A few weeks ago, I read The Wardrobe Mistress by Natalie Meg Evans, recommended this time by an Amazon algorithm rather than by a friend, and I enjoyed it.
Using a Kindle diminishes the importance of a book jacket quite a lot, so I didn’t open the book in the anticipation that I was about to embark on heart-warming romantic fiction, I just started reading a new book. I’ll get to its content in just a moment, please allow me a few more words on this ancillary point first.
I was simply checking the author’s name on her website and my eye fell on the covers of her various books (which reminded me I’d previously seen The Dress Thief mentioned, which means I’ll download the sample, which means the marketing does work, yes, I admit it.) I noticed that they conformed to the typical romance marketing rules of the most enduring sort: a portrayal of The Girl, looking demure/alluring/sassy/sweet/heroic, wearing something simple/gorgeous/stunning/folksy/magnificent/domestic. Current jacket trends now also include swirly writing (distressingly often in purple or pink) and cartoon style illustrations, a bit like the brilliant Nick Sharratt gracing the covers of Jacqueline Wilson’s children’s novels, but for grown-ups. And in case my grumbles about covers gave the wrong impression, this is what I think of romances: I love the ones I love.
So, about the story – which is set in a theatre in post-war Britain, the heroine being The Wardrobe Mistress, yes, the clue was in the name – I found that I was hooked by it. Vanessa has Mum issues and Dad issues to deal with, on top of coping with post-war grimness and rationing, and all that’s in addition to her task of pairing up with The One. The settings are sketched, not too much, which is fine. The action also jogs along nicely, revealing plot details and personality traits at appropriate times. Characters include the cast of usual suspects: Mum, Dad, the friends, the more distant relatives and acquaintances, the less closely drawn nice ones (most of the theatre staff), and nasty ones (most of the theatre owners, relatives of the late founder). There was also a more unusual addition, with an endearing three-legged dog who is the theatre mascot. He too (I forget the dog’s name but he’s definitely a “he” not an “it”) has served in the war, which is the new manager’s principal criterion for hiring staff, Vanessa included of course.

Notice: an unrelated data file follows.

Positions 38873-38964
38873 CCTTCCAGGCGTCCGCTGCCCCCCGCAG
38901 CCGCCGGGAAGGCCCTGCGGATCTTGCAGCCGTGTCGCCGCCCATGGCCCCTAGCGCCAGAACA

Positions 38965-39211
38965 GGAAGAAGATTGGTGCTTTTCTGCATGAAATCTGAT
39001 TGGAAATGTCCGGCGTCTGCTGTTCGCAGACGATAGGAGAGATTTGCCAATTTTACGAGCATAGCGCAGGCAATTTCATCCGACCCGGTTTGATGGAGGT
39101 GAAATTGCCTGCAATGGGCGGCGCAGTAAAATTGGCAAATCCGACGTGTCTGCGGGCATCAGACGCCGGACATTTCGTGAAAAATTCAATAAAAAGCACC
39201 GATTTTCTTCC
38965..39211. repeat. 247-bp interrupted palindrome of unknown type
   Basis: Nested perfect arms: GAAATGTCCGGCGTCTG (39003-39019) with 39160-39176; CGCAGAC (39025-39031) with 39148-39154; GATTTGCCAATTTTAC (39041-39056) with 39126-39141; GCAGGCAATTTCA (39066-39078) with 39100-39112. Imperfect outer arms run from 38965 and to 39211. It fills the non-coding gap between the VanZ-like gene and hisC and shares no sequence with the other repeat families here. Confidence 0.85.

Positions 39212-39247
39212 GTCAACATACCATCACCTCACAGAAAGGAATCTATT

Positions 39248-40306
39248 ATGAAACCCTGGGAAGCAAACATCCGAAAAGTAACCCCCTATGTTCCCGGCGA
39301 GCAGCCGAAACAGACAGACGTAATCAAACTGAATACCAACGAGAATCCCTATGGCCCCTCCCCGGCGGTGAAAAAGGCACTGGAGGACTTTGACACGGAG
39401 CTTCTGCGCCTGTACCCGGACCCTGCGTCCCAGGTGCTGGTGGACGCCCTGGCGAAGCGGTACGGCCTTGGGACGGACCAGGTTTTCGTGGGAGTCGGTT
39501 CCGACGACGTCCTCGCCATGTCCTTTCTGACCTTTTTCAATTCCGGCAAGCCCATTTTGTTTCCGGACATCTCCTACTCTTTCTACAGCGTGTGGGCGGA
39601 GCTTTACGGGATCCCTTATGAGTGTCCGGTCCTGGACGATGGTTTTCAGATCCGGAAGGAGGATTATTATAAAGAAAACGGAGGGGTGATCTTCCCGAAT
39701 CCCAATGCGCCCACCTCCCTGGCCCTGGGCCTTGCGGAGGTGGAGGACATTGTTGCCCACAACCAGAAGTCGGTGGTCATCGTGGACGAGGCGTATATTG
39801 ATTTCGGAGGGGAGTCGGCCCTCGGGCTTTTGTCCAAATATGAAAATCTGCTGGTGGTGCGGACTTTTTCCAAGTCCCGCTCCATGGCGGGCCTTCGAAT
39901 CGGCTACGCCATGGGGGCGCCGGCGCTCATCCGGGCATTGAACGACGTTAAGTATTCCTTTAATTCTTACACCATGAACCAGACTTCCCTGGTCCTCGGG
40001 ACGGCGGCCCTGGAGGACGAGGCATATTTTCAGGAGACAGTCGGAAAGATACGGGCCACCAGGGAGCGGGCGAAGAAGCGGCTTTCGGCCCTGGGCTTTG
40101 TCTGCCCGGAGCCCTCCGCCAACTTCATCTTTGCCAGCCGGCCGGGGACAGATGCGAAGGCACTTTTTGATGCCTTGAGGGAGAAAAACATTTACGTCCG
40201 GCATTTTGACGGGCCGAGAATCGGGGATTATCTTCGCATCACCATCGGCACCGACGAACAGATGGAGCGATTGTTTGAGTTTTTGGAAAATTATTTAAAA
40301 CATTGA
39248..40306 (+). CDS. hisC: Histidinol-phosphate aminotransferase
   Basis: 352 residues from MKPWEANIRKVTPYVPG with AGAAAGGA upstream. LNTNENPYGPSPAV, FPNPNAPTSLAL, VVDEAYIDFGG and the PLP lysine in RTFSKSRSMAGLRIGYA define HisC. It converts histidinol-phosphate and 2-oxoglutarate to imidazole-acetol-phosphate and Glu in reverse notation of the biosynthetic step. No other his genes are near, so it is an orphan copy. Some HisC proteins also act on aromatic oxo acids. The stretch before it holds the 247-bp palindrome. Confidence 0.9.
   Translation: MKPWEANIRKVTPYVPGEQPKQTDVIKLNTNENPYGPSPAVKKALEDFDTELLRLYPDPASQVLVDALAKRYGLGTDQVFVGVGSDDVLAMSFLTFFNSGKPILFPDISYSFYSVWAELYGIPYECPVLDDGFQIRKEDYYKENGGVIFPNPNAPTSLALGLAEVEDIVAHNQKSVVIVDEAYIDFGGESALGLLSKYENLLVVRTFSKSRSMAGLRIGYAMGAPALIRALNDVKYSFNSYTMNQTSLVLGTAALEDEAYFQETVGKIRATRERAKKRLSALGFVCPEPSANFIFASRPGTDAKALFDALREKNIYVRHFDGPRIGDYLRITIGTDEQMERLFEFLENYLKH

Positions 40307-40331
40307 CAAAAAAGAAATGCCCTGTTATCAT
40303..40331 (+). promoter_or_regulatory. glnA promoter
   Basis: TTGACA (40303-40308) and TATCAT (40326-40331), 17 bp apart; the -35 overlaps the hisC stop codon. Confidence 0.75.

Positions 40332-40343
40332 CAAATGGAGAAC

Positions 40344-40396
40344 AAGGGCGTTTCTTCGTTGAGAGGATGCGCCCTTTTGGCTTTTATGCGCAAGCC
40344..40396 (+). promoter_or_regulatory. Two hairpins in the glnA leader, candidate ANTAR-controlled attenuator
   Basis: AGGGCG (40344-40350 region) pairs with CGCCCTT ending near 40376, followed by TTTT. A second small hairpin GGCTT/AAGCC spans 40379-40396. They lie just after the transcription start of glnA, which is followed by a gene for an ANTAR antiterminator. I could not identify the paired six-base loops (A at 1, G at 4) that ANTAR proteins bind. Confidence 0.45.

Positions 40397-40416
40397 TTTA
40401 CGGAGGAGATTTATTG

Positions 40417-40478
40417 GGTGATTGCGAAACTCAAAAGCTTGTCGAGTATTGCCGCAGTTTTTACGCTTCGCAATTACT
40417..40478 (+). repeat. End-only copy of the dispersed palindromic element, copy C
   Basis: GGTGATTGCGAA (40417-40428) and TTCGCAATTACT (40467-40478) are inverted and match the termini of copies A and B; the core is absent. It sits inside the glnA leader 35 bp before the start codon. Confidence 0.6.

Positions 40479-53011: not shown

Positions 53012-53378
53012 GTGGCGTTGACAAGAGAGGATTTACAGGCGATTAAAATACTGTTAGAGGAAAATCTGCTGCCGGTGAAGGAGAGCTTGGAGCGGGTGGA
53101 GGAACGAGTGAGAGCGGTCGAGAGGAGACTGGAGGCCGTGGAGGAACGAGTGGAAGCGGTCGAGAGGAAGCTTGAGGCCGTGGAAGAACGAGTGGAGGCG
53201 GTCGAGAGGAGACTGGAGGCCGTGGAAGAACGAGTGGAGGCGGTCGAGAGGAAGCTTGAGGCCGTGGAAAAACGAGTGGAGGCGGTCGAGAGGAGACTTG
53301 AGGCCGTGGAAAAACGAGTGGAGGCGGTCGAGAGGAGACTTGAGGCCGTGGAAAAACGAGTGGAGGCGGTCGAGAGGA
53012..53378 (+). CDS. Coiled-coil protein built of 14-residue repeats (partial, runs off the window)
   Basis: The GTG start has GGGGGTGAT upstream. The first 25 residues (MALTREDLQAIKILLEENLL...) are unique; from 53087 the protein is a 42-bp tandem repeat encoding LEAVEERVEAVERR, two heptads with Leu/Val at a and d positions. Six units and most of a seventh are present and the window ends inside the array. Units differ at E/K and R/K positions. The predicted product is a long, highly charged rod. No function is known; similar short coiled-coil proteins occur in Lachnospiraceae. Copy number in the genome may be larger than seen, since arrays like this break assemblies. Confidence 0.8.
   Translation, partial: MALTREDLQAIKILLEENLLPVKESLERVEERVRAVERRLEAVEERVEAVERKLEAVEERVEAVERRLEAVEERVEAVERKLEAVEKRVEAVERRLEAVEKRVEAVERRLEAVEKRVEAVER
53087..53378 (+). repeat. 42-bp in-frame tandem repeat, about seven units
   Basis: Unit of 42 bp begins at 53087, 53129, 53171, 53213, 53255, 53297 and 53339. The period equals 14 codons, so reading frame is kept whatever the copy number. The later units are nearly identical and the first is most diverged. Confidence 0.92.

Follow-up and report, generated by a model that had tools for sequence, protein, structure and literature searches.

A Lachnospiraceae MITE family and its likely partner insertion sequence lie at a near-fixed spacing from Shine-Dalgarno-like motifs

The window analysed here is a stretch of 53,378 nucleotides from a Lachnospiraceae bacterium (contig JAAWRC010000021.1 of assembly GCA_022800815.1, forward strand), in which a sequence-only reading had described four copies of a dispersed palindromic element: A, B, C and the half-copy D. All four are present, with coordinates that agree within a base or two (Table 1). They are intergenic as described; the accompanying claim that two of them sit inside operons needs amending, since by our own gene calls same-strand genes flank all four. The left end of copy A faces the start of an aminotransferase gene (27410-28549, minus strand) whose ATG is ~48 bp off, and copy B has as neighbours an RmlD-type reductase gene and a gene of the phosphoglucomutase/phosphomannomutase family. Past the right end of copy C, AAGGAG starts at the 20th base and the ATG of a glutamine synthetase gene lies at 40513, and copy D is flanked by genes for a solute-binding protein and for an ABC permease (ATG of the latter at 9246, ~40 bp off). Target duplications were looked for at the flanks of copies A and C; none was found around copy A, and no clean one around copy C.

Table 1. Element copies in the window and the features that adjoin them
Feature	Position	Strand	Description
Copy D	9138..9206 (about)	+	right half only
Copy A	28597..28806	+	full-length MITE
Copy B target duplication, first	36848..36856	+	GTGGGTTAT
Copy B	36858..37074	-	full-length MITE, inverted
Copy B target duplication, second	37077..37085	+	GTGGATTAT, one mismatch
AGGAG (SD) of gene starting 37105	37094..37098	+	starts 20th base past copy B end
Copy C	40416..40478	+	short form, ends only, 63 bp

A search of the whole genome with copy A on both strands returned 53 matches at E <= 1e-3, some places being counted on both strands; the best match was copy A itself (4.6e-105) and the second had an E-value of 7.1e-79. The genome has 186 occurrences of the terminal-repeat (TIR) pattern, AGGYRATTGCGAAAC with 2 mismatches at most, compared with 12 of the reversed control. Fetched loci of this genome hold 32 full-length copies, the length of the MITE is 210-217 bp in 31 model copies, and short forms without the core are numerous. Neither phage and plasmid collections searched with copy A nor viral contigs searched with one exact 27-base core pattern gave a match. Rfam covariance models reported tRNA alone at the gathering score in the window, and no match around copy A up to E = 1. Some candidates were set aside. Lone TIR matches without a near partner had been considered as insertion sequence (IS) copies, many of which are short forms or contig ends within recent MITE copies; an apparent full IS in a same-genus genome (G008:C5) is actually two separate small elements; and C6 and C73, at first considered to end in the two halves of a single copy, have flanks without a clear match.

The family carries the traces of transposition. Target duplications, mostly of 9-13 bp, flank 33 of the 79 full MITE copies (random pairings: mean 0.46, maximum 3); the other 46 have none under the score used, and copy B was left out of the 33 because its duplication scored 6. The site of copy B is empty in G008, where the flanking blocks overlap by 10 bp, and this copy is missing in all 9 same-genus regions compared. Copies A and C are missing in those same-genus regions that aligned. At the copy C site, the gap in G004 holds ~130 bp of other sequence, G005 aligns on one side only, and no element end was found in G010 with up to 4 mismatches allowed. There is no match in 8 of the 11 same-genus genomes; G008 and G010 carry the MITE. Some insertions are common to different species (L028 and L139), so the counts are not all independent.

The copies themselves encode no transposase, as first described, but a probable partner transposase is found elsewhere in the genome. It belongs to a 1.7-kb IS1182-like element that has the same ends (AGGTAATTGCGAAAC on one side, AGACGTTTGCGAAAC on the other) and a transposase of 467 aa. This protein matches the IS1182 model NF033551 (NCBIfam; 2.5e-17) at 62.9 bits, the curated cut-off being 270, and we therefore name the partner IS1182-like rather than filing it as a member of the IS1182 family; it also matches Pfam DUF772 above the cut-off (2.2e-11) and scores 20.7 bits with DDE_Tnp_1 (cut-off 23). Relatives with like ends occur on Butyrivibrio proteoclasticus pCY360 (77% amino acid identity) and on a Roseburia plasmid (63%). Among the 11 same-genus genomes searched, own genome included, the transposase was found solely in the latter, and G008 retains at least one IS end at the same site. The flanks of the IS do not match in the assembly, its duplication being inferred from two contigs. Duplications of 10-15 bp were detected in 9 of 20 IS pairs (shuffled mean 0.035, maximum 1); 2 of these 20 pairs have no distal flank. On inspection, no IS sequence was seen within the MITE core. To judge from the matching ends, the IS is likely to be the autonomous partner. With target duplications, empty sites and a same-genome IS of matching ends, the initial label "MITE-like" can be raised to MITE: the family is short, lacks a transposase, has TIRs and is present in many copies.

Things happen, there are revelations and a couple of twists are presented then unravelled towards the end. All good stuff, in fact. To end on a slightly less flippant note, I would like to say that the almost-meeting between Vanessa and … is a very well executed and exploited ploy and shapes the novel nicely.